I couldn't write about Amsterdam without mentioning the pot and prostitutes. I'm of course not saying that is all the city has to offer ( because that's absolutely not the case ), but it sure is a part of the culture there and it's definitely something that is unique to Amsterdam. Let's start with the weed... I currently live in Denver and unless you live under a rock then you know that people smoking marijuana isn't a huge shock to us. I personally don't smoke pot, but it is legal here too. In Amsterdam if you want to find some weed, look for a "cafe" or a "coffee shop". If you're looking for a nice cappuccino or latte and you waltz into a coffee shop in Amsterdam, you'll be very disappointed. To be honest, this part didn't bother me about the city, I really couldn't care either way. But the Red Light District is another story. We walked through the RLD during the day and fairly quick, but we were curious about it and wanted to see it with our own eyes. Well, it really is all that you hear about. As a woman, seeing the women in the windows selling their bodies just made me so sad. It made me sad for them. How and why did they get to that place in their life where that seemed like the best option for them? I wondered if at night they go home feeling dirty, used and worthless. Or are they so numb to it that they go home feeling nothing? I couldn't help but think about all of this as we walked through the famous Red Light District, with a pit in my stomach from pure disgust. It makes me sad that people, tourists, come to this city purely for this. Because it's "Okay" in Amsterdam. No, it's actually not "Okay" anywhere. To treat women as though they are an item, a thing, and not a human being. It's not okay at all, no matter what city you're in. Okay well now I've gone on a whole tangent about prostitution which I didn't intend on doing. But gosh the RLD made me feel some type of way... 

klos restaurant amsterdam

Overall, as I reflect on our time in Amsterdam, looking at pictures and reminiscing about all that we did, I'd say it was a great experience. Even though the city might not be my all time favorite destination, I still really enjoyed exploring the Netherlands for the first time and I'm so glad we made a stop there. If you've been to Amsterdam, comment below with your thoughts on the city. I've met so many people who absolutely love the city and I'd love to hear why! 


Packing Video | How To Pack For A Month Long Trip In A Carry On Bag


Writing to you all from Rome! We are in Europe for a month and having a blast so far. For this trip I packed everything in a carry on bag, I didn't want to worry about checking a bag with the potential of it getting lost. Especially with us moving around so much on this trip, I wanted to be very mobile. Right before I left for the trip, I made (with the help of the amazing video master Colby Hunt)  a video on how to pack for a month long trip in a carry on bag.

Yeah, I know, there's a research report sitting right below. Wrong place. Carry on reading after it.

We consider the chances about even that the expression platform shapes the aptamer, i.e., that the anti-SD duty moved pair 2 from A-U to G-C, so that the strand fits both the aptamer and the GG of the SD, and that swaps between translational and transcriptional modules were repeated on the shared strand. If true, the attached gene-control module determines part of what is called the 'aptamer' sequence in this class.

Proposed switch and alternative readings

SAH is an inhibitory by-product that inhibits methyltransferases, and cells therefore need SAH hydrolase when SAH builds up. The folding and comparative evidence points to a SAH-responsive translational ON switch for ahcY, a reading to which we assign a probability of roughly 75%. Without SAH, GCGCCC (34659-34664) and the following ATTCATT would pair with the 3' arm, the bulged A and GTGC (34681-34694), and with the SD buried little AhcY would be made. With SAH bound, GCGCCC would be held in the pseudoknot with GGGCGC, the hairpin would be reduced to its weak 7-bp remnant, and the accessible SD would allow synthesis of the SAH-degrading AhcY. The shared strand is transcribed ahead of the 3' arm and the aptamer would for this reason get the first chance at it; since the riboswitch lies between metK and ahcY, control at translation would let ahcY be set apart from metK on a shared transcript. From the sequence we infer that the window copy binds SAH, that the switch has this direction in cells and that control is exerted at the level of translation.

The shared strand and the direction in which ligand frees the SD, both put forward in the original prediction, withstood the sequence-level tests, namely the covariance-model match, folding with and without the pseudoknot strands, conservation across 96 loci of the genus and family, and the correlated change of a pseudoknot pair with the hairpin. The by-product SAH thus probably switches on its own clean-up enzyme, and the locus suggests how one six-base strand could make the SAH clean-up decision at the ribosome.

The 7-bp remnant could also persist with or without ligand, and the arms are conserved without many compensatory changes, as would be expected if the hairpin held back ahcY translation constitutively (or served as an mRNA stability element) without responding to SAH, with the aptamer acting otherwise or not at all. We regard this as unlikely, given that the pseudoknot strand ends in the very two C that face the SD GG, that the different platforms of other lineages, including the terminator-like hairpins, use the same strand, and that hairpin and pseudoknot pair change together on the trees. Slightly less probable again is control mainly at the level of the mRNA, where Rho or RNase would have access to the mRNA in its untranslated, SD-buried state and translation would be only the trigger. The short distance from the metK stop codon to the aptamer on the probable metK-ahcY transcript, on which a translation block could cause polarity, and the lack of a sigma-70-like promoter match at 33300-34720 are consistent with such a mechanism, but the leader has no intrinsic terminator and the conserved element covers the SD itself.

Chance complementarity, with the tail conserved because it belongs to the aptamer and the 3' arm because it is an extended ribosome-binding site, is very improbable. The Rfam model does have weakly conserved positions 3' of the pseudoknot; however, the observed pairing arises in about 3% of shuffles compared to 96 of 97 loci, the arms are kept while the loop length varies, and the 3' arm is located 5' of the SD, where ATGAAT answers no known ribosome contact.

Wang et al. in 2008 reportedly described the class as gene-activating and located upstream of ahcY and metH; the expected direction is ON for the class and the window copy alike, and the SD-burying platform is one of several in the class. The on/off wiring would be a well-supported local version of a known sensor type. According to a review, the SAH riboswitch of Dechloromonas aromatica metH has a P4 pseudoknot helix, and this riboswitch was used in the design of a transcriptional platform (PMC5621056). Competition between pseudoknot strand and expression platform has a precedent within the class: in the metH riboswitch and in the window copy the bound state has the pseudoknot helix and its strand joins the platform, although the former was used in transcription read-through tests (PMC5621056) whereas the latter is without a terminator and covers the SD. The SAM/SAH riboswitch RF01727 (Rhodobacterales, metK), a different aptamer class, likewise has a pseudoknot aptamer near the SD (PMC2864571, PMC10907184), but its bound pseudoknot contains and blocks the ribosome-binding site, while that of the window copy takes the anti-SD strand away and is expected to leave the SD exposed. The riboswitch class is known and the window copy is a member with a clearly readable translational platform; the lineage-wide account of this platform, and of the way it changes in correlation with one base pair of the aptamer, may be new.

One of my very first blog posts I ever created was a post (not a video) on how to pack for a three week trip to Italy. This post has been repinned on Pinterest hundreds of times and is super popular with my readers. Since that post (which I did two years ago) I wanted to do a packing video, and I FINALLY created one!! This post has been long overdue. I have been asked by so many people how I pack so light and how I fit so many outfits in one carry on bag. 

I remember when I first tried packing in a carry on bag, I was pleasantly surprised. It was for our honeymoon and Nick, my husband, kept pushing me to pack light. The fight went on for a few weeks before I finally gave in and agreed to pack in a carry on bag. Looking back, that is one fight I am glad he won. As I began packing I surprised myself. I was shocked at how many outfits I could actually fit in a small bag. I started doing research on how to pack light and watched just about every "packing hacks" video I could find. Everyone was shocked when I was done packing for our honeymoon, my family, friends, Nick and even myself! I was super proud of myself for making it happen and it felt great on the trip to only have a carry on bag. The crazy thing is, there were even a few items I brought that I didn't end up wearing and I didn't feel like I had a shortage of outfits. I realized a lot about packing from that trip. 

After much experience, I truly believe you can be stylish and have an abundance of outfits during your travels, but still managing to pack light and in a carry on size bag. I am a strong believer of packing light without sacrificing style. Ladies, you can do it all. Trust me. I (maybe like you) didn't think that packing light was possible unless you wanted to look like a "backpacker" who wears the same yoga pants and t-shirt half of their trip. Which is okay of course, but personally not my kind of travel style. I am ultra girly and enjoy looking "cute" on my trips, no matter where I am going. If you are like that too, I think you'll love this video and find it super helpful. 

I hope you all enjoy this video and I hope it encourages you to pack lighter and helps you on your next big trip!! 


I've received a ton of emails asking where I got the lavender luggage in this video, you can shop the bag HERE or click the image below!